Real estate affordability ratio is flawed

Not all things are created equal

nolan The Latin phrase Ceteris peribus, or “all else being equal,” is used extensively in economics to  guide relatively simple predictions – the price of a candy bar, for example.

Yet it’s a virtually useless tool in predicting the path of an economy. All else is very rarely ever equal.

Hillard MacBeth’s recent crystal-ball-smashing predictions the Canadian housing market will crash by as much as 50 per cent appears to hold several things equal, when in fact they are far from the same. In fact, his assessment of affordability is not only flawed, but essentially useless, and seems to be more sales pitch than forecast.

In a recent interview with Canadian Real Estate Wealth, MacBeth sourced data looking at only one or two aspects of the housing market, namely oil prices and the ratio of house prices to income. While the ratio of house prices to income is an interesting number, it is an inaccurate measure of affordability. Why? Because it looks at two pieces of data that may be related, but are not equivalent.

MacBeth should not be looking at housing prices in relation to income. He should have compared the cost of owning a home in relation to income, which is a far better indicator of affordability.

The ratio of housing prices to income assumes interest rates are constant. Yet as everyone at this point knows, interest rates have not been constant for a long time. And low interest rates increase affordability.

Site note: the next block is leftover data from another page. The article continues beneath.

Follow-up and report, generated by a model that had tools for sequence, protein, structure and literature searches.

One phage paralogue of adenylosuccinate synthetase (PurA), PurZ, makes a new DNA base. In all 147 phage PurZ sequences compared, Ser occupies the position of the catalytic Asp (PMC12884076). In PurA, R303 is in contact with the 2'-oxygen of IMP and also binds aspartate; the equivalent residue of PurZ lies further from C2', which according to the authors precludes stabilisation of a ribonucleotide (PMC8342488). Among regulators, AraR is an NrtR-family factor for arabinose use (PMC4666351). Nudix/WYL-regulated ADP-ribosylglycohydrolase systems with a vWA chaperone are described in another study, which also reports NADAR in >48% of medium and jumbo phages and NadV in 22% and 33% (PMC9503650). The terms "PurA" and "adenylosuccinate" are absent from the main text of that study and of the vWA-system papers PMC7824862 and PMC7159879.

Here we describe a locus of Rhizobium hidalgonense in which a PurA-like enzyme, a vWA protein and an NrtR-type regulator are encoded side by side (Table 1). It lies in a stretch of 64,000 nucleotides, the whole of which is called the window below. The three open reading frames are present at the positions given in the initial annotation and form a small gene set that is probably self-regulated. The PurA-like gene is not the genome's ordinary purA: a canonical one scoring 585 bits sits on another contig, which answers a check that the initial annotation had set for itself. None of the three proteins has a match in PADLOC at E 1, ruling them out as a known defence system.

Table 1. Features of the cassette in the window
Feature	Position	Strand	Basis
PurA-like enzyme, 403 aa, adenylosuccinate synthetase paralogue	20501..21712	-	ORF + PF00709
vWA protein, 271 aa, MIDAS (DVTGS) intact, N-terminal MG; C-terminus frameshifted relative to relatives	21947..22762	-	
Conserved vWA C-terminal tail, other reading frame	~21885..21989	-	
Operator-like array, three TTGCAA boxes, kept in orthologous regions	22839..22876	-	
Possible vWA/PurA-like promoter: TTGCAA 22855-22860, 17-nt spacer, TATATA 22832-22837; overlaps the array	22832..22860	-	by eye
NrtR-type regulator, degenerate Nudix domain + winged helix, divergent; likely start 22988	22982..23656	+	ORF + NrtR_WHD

The RBC Report on Affordability supports the claim that Calgary, and most of Canada, is more affordable than what MacBeth’s price-to-income ratio indicates. It assesses affordability not based on the price of the home, but on the monthly carrying costs such as the mortgage payment and utilities in relationship to incomes.

Calgary’s market, as it turns out, is one of the most affordable in the country, favouring the more affordable side of its long-term range, not the less affordable as MacBeth would have you believe. In fact, Calgarians spend just under 40 per cent of their respective incomes on homes, according to RBC’s assessment – one of the lowest among major urban centres in Canada.

Unfortunately, many financial planners have felt the pain recently of Canadian investors flocking to both online investment platforms and real estate. One can’t help but wonder if predictions such as MacBeth’s have more to do with driving money back toward alternate investments than in providing unbiased commentary on the real estate market.

Unbiased financial advice is hard to find these days. Mutual fund salespeople only want to sell mutual funds, stock brokers stocks, life insurance agents life insurance. It is hard to find someone who will just give you the straight goods.

That’s why Mortgage360 started Cash Flow Club, and why a balanced portfolio of not only real estate, but other asset classes as well is a major component of its seminars. The next Cash Flow Club meeting is April 2. Register at mortgage360.ca/cash-flow.

Nolan Matthias holds a degree in Economics, is an Accredited Mortgage Professional, and the author of The Mortgaged Millionaire. Mortgage360 was founded by Nolan & Jen Matthias in 2010, and established itself as a standalone brokerage in November 2014.

Leave a Reply

Your email address will not be published. Required fields are marked *